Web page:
Deadly Illinois Dust Storm Raises Soil Questions. Is Solar the Answer?

May 2, 2023


At least six people are dead and more than 35 injured after a sudden dust storm passed through Illinois Monday and caused a multi-vehicle pileup,state police said.

High winds blew dirt through Montgomery County, Illinois, beginning around 10:55 a.m., causing “zero visibility” on Interstate 55, Illinois State Police Major Ryan Starrick said at a news conference.

Could events like this be pointing to a problem we have in managing topsoil?

National Science Foundation:

In a discovery that has repercussions for everything from domestic agricultural policy to global food security and plans to mitigate climate change, researchers at the University of Massachusetts have found that the rate of soil erosion in the midwestern U.S. is 10 to 1,000 times greater than pre-agricultural erosion rates. 

The newly discovered pre-agricultural rates, which reflect the rate at which soils form, are orders of magnitude lower than the upper allowable limit of erosion set by the U.S. Department of Agriculture.

The U.S. National Science Foundation-supported study, which appears in the journal Geology, makes use of a rare element, beryllium-10, or 10Be, that occurs when stars in the Milky Way explode and send high-energy particles, called cosmic rays, rocketing toward Earth. When this galactic shrapnel slams into the Earth’s crust, it splits oxygen in the soil apart, leaving tiny trace amounts of 10Be, which can be used to precisely determine average erosion rates over the span of thousands to millions of years.

“We went to 14 small patches of remnant native prairie that still exist in Iowa, Minnesota, South Dakota, Nebraska and Kansas, and used a hand auger to collect deep soil cores, in material that dates back to the last ice age,” says Isaac Larsen, a geoscientist at the University of Massachusetts Amherst and the paper’s senior author. “We brought this soil back to our lab, sifted it to isolate individual sand grains, removed everything that wasn’t quartz, and then ran these few spoonfuls through a chemical purification process to separate out the 10Be — which was just enough to fit on the head of a pin.”

Not only is topsoil crucial for U.S. agriculture — the annual cost of diminished agricultural productivity and environmental degradation due to erosion is estimated at tens of billion dollars each year — and worldwide food security, but climate mitigation plans that rely on storing carbon in the soil. “The key is to reduce our current erosion rates to natural levels,” says Larsen.

If only there were a way we could allow farmers to rest large areas of soil, and still make a decent income producing a useful product. Oh, wait…

We have a bias in this country against leaving soil fallow, because we think it’s “not doing anything”.
I’ve often heard the claim that building solar energy on existing farmland is somehow not a good land use.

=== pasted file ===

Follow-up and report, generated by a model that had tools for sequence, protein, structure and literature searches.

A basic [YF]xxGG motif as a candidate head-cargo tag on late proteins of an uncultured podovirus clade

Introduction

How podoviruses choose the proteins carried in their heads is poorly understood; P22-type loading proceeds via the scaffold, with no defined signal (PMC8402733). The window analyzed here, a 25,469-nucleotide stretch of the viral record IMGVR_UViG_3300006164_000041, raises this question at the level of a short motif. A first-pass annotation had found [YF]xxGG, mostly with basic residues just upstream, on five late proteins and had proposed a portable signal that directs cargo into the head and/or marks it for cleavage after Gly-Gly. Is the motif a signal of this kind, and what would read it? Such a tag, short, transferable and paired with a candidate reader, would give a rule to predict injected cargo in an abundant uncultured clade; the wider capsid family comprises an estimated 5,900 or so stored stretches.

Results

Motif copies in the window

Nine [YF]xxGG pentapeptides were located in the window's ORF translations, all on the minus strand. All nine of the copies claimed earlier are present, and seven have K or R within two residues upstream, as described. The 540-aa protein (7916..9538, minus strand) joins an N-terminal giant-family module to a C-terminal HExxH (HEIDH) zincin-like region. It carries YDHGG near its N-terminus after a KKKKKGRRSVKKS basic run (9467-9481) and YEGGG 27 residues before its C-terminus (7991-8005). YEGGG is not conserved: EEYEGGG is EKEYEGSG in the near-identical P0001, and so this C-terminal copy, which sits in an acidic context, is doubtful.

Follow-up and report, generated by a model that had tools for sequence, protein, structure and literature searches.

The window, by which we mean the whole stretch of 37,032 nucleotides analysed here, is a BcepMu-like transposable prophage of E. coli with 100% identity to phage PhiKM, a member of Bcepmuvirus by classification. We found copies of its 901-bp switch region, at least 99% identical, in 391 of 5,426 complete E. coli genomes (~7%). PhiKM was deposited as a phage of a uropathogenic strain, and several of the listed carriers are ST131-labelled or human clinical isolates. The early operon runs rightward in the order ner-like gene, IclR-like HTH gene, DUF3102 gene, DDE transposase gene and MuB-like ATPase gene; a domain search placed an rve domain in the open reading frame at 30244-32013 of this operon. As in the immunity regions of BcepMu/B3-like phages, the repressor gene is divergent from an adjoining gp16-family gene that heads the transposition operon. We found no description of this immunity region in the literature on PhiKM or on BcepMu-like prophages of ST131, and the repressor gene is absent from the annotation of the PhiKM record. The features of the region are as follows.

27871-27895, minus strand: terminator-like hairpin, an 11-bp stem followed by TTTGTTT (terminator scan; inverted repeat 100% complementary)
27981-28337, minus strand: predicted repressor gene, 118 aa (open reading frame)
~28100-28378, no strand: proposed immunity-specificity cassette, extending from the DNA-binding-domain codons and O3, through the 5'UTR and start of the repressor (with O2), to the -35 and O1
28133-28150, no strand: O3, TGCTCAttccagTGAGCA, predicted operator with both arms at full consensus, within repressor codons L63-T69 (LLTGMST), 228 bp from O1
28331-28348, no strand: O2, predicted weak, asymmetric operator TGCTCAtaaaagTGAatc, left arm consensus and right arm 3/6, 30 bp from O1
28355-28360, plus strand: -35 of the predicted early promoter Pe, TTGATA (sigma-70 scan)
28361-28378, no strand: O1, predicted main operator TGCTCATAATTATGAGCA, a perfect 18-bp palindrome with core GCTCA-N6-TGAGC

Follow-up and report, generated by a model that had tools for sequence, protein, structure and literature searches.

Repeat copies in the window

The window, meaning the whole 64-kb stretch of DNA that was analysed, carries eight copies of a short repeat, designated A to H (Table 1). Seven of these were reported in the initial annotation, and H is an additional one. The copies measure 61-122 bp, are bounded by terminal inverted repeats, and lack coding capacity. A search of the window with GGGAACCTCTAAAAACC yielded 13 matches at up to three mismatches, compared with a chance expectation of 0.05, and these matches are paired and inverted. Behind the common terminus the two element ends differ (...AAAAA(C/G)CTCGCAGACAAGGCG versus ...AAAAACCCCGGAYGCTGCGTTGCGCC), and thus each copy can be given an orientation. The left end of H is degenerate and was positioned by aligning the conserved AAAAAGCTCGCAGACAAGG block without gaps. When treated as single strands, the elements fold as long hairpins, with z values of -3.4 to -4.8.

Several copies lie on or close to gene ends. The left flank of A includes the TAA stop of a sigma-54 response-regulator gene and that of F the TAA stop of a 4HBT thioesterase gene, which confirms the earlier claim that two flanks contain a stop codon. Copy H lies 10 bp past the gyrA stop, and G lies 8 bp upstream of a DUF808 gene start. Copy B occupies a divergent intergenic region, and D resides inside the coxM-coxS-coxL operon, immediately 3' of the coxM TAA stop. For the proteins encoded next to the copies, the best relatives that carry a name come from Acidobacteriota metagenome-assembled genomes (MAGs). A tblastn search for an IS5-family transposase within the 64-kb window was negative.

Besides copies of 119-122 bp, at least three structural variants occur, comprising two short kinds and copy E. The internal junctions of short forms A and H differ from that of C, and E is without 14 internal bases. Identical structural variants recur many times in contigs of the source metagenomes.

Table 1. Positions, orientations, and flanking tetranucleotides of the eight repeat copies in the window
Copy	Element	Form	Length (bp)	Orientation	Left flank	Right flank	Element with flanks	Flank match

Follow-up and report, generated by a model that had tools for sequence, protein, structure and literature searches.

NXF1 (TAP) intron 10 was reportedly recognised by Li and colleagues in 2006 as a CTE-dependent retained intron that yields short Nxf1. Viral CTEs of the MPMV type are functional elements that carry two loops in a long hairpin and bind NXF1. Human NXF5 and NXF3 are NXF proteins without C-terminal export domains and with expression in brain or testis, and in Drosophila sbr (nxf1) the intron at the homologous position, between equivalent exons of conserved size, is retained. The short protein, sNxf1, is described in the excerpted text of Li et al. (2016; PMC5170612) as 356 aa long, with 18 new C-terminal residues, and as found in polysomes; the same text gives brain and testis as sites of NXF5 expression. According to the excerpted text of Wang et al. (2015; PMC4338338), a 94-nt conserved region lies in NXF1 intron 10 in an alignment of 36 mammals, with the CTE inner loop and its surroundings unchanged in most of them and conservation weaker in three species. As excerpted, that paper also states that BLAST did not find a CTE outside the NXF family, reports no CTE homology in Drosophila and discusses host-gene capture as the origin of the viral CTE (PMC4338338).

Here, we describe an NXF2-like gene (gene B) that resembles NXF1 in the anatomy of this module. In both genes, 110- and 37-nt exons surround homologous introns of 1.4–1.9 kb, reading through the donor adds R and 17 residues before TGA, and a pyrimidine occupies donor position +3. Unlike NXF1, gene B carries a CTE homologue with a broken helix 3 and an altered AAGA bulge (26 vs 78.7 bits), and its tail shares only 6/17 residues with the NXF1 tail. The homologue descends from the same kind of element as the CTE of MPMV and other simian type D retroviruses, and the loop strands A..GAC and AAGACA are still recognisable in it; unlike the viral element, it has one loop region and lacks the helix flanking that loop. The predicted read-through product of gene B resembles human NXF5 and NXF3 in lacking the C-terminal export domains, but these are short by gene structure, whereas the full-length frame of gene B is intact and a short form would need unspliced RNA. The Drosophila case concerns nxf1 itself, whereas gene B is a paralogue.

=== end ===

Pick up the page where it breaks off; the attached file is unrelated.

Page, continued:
But the soil around solar fields is not being “wasted” – in fact, it’s being enriched, regrowing organic matter, improving water filtration, providing habitat for the myriad of critters at the bottom of the food chain who get poisoned and crushed in the normal course of agricultural production.
Worth a thought.


5 Responses to “Deadly Illinois Dust Storm Raises Soil Questions. Is Solar the Answer?”

  1. Ann Says:

    This is so very maddening because t isn’t like this wasn’t a known problem since before Aldo Leopold began writing about it! And this that he wrote resonates so deeply…

    “One of the penalties of an ecological education is that one lives alone in a world of wounds. Much of the damage inflicted on land is quite invisible to laymen. An ecologist must either harden his shell and make believe that the consequences of science are none of his business, or he must be the doctor who sees the marks of death in a community that believes itself well and does not want to be told otherwise.”
    ― Aldo Leopold, Round River pg 165

    And then there is this pertinent quote from Wendell Berry, many years later.

    “I am walking the route of the departure of the virgin soil of the hill. I am not looking at the same land the first comers saw. The original surface of the hill is as extinct as the passenger pigeon. The pristine America that the first white man saw is a lost continent, sunk like Atlantis in the sea. The thought of what was here once and is gone forever will not leave me as long as I live. It is as though I walk knee-deep in its absence.” Wendell Berry, “A Native Hill”

    • greenman3610 Says:

      painfully true

    • rhymeswithgoalie Says:

      Pesticides to protect crops (e.g. certain nematicides) are rarely designed to spare beneficial soil critters. Better agricultural strategies entail making crops more resilient, rather than killing off anything that might threaten them. It would also help to have more rotation and fewer county-wide monocultures (like the insane amount of Big Ag corn). We need to be smarter in the evolutionary arms race.

  2. redskylite Says:

    “To keep down dust generation, it’s really the very top of the soil that needs to be wet, but it dries out very quickly. This is something we expect more of under climate change.”

    • rhymeswithgoalie Says:

      “I grew up on a farm roughly 30 miles from where the accident happened in Illinois,” Myers said. “We had windbreaks planted on average every half mile. They were osage orange trees that were planted in the 1930s.”

      Unfortunately, agricultural practices espoused by then-Secretary of Agriculture Earl Butz in 1973 calling upon American farmers to plant “fencerow to fencerow” meant most of them were bulldozed out. Myers’ family removed theirs in the 1980s.

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